Use of MRI in the management of diagnostic uncertainty in low-resource settings: A case report of cesarean ectopic pregnancy in a tertiary hospital in Ghana
The publication is currently in the “In-Press” and is scheduled for the final publication on 12/20/2020.
Anna Sarah Erem, Thomas Okpoti Konney, Adu Appiah-Kubi, Kwasi Ankomah, Adu Tutu Amankwa, John Jude Kweku Annan, Augustine Tawiah, Benjamin Kwame Amoako-Adjei, Kwabena Fosu Lartey, Emma R Lawrence
Corresponding Author: Anna Sarah Erem
Conflict of interest: None declared
Objective: Management of emergency care
Obstetrics and Gynecology, Saba University School Of Medicine, Saba, Netherlands Antilles
Am J Case Rep 2020; 21:e927496, DOI: 10.12659/AJCR.927496
Background: Low- and middle-income countries (LMICs) account for the overwhelming majority of maternal deaths worldwide. Cesarean section rates have increased globally over the last 10 years, including in LMICs, and are an important intervention to decrease neonatal and maternal mortality. However, cesarean sections also contribute to increased complications in subsequent pregnancies, including invasive placentation and cesarean scar ectopic pregnancies (CSEP). Potential CSEP complications include rupture of the uterus, bladder invasion, and maternal mortality.
Case Report: We present the case of a 35-year-old Ghanaian woman (gravidity 5, parity 3) with a positive urine pregnancy test and 2 months of amenorrhea. Ultrasound scanning demonstrated a gestational sac with a fetal pole and absent cardiac activity located in the lower uterine segment. Myometrium infiltration was present, with only 2 mm of anterior myometrium between the gestational sac and the urinary bladder. Owing to concern for CSEP with uncertain bladder invasion, a pelvic MRI was obtained for preoperative planning. Following the MRI, which demonstrated an intact bladder, the patient underwent an uncomplicated exploratory laparotomy and excision of the CSEP.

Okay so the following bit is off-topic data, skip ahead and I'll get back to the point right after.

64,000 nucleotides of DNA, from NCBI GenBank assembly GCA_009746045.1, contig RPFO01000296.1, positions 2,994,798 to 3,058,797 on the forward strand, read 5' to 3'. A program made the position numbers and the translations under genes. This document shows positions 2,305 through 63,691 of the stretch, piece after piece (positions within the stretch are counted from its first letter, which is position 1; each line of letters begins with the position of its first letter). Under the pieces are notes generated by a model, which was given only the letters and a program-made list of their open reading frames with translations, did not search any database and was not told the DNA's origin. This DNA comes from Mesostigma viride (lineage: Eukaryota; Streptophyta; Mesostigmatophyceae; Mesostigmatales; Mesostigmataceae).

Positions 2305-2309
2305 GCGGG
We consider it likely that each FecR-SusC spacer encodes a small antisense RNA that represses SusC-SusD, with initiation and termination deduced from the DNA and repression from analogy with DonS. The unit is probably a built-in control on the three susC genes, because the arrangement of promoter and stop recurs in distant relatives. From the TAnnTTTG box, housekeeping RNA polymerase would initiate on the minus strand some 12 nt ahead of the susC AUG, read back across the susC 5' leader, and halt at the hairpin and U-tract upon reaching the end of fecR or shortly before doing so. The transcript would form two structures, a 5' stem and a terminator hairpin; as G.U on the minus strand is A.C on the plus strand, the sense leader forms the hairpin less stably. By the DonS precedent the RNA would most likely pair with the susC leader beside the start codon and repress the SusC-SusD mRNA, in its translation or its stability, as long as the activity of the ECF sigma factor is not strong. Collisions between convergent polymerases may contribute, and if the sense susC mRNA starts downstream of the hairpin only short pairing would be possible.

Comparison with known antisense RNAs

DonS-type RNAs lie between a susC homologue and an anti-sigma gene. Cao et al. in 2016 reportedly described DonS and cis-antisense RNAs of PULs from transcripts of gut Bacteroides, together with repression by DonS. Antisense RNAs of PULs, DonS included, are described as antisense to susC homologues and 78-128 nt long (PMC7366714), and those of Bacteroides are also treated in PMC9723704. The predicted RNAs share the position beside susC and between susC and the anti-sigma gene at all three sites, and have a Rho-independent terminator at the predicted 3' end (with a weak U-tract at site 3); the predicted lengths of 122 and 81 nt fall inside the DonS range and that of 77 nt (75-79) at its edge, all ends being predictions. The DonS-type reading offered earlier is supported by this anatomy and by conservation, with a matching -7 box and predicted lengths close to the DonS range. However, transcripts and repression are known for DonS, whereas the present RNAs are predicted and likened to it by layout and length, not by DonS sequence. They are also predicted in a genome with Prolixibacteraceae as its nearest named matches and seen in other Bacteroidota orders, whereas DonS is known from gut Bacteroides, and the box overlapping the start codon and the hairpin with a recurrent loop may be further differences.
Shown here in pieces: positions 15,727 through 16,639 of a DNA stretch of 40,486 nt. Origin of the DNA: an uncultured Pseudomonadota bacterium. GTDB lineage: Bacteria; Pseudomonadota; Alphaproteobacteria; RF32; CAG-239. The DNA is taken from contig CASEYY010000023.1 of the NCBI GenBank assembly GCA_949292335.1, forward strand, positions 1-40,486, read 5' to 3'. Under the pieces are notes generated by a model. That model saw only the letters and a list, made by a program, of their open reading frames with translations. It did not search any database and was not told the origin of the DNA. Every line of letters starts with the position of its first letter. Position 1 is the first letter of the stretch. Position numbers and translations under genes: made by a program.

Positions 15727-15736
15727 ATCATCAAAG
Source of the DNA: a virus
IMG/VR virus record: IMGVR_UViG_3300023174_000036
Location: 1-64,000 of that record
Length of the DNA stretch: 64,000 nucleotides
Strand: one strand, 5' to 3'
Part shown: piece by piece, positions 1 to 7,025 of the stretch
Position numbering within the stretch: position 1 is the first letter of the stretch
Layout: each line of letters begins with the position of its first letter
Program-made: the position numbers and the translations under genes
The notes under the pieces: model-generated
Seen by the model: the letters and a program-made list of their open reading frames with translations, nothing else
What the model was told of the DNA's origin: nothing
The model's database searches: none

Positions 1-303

Conclusions: In LMICs, pelvic ultrasound continues to be the diagnostic tool of choice for CSEP. However, in cases with diagnostic uncertainty or possible bladder invasion, MRI is an additional imaging tool that can optimize preoperative planning and minimize the risk of maternal mortality and potential post-surgical complications.
Keywords: Cesarean Section; Ghana; Magnetic Resonance Imaging; Pregnancy, Ectopic; Ultrasonography
Big Dreams: I intend to use this case report-based project as a platform to generate ideas for further improvements in communities with low-resources.
Gynecologic Oncology Sub-Specialty Training at Komfo Anokye Teaching Hospital (KATH) in Ghana: Overcoming 21st Century Challenges with Global Partnerships. Frontiers in Public Health
The leading cause of cancer deaths in Ghanaian women is cervical cancer in part due to late presentation. This, in addition to the chronic late presentation of other gynecologic malignancies, demonstrates a crisis surrounding women’s health in Africa. As a collaboration of US and Ghanaian medical professionals, our paper investigates methods of improving health outcomes for women in Ghana. The gynecologic oncology fellowship program we discuss was developed as part of a longitudinal, multi-decade, partnership between the University of Michigan (MM) and the Ghana College of Physicians and Surgeons.